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Rational Root Theorem

Rational Root Theorem. Possible Rational Roots What are the possible rational roots of Factors of the constant term, 6 , are Factors of the lead coefficient, are Possible rational roots are . Possible Rational Roots. What are the possible rational roots of .

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Rational Root Theorem

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  1. Rational Root Theorem Possible Rational Roots What are the possible rational roots of Factors of the constant term, 6, are Factors of the lead coefficient, are Possible rational roots are

  2. Possible Rational Roots • What are the possible rational roots of • Factors of the constant term, 8, are • Factors of the lead coefficient, 2, are • Possible rational roots are

  3. Always keep in mind the relationship among zeros, roots, and x-intercepts. The zeros of a function are the roots, or solutions of the equation . The real zeros, or real roots, are the x-intercepts of the graph of .

  4. Finding Zeros of a Polynomial Function • Use the Rational Zero Theorem to find all possible rational zeros. • Use Synthetic Division to try to find one rational zero (the remainder will be zero). • If “n” is a rational zero, factor the original polynomial as (x – n)q(x). • Test remaining possible rational zeros in q(x). If one is found, then factor again as in the previous step. • Continue in this way until all rational zeros have been found. • See if additional irrational or non-real complex zeros can be found by solving a quadratic equation.

  5. Finding Rational Zeros Find the rational zeros for Find Possible zeros are+ 1, + 2, +4, +8 So which one do you pick? Pick any. Find one that is a zero using synthetic division...

  6. Let’s try1. Use synthetic division 1 1 1 –10 8 1 2 –8 1 2 –8 0 1is a zero of the function The depressed polynomial is x2 + 2x – 8 Find the zeros ofx2 + 2x – 8by factoring or (by using the quadratic formula)… (x + 4)(x – 2) = 0 x = –4, x = 2 The zeros of f(x) are 1, –4, and 2

  7. Find all real zeros of Find all possible rational zeros of: The possible rational zeros are Use synthetic division

  8. Example Continued • This new factor has the same possible rational zeros: • Check to see if -1 is also a zero of this: • Conclusion:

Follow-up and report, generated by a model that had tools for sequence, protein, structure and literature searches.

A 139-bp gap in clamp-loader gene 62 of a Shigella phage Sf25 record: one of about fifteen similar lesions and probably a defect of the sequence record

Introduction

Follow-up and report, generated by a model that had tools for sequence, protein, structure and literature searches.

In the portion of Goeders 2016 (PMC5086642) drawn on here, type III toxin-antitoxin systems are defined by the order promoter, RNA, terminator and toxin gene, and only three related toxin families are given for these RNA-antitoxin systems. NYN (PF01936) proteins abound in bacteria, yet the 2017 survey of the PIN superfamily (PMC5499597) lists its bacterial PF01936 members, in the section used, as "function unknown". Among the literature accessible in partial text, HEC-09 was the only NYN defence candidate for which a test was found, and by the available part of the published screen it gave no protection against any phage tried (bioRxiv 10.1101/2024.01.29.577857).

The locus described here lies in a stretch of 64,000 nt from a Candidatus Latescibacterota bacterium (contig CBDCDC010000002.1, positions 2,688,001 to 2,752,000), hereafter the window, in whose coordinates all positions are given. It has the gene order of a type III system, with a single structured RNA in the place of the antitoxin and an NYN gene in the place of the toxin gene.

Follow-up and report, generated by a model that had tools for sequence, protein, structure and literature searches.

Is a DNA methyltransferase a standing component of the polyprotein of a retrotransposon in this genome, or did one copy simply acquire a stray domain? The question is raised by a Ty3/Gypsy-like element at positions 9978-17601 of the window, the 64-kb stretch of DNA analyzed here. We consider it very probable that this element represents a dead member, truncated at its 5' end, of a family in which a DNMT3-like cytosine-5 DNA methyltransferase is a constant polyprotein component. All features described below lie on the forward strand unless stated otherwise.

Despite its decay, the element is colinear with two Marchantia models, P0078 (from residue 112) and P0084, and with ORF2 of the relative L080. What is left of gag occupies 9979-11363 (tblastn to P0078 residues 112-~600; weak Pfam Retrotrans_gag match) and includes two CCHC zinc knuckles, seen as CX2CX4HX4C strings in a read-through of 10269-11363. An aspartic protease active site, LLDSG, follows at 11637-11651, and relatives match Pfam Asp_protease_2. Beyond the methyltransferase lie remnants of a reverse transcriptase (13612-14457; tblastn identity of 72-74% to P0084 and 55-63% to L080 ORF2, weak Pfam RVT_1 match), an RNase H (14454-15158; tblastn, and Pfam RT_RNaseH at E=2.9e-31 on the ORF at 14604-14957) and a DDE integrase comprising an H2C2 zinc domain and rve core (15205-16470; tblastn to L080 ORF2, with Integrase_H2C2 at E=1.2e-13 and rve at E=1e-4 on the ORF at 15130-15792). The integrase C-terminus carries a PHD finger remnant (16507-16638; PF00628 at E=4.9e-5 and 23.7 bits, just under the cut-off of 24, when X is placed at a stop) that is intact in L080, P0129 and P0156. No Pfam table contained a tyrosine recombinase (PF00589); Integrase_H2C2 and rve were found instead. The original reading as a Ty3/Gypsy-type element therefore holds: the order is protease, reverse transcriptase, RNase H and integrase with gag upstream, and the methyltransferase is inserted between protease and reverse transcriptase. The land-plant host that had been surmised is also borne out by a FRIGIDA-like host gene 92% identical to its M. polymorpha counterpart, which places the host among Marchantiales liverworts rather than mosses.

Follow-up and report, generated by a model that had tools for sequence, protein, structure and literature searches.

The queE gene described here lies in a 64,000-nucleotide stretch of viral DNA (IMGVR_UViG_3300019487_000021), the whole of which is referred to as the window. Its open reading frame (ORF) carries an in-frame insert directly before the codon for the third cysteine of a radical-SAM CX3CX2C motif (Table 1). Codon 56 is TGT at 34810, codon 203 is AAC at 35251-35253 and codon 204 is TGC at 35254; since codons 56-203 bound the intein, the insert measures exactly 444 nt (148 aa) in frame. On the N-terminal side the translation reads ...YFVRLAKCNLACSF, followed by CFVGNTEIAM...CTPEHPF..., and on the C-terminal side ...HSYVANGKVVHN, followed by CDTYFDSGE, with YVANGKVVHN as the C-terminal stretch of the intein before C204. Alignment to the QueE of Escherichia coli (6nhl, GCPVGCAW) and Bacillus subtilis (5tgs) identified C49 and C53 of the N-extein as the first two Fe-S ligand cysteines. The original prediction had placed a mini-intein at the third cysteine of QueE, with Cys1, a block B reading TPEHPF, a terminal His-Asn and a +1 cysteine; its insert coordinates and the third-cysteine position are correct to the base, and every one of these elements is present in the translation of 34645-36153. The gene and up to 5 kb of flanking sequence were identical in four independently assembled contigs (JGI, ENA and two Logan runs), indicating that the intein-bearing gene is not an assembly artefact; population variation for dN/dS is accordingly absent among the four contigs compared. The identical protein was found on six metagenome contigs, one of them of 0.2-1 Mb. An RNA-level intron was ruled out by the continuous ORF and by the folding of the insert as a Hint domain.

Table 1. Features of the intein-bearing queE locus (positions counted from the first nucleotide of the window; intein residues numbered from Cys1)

9. Example Continued • This new factor has as possible rational zeros: • Check to see if -1 is also a zero of this: • Conclusion:

  10. Example Continued • Check to see if 1 is a zero: • Conclusion:

  11. Example Continued • Check to see if 2 is a zero: • Conclusion:

  12. Example Continued • Summary of work done: is a zero of multiplicity two; 2 is a zero; and the other two zeros can be found by solving:

  13. Using The Linear Factorization Theorem Find a 4th degree polynomial function with real coefficients that has as zeros and such that . Solution: Because is a zero , the conjugate, , must also be a zero. We can now use the Linear Factorization Theorem for a fourth-degree polynomial.

  14. Using The Linear Factorization Theorem Substituting for in the formula for , we obtain

  15. Descartes Rule of Signs is a method for determining the number of sign changes in a polynomial function.

  16. Descarte’s Rule of Signs and Positive Real Zeros How do we determine the possible number of negative answers? We substitute for every x-value in the equation. Then we look for the sign changes.

  17. 1 3 2 Descarte’s Rule of Signs Example Determine the possible number of positive real zeros and negative real zeros of P(x) = x4 – 6x3 + 8x2 + 2x – 1. We first consider the possible number of positive zeros by observing that P(x) has three variations in signs. +x4 – 6x3 + 8x2 + 2x – 1 Thus, by Descartes’ rule of signs, f has either 3 or 3 – 2 = 1 positive real zeros. For negative zeros, consider the variations in signs for P(x). P(x) = (x)4 – 6(x)3 + 8(x)2 + 2(x)  1 = x4 + 6x3 + 8x2 – 2x – 1 Since there is only one variation in sign, P(x) has only one negative real root. Total number of zeros 4 Positive: 3 1 Negative: 1 1 Nonreal: 0 2

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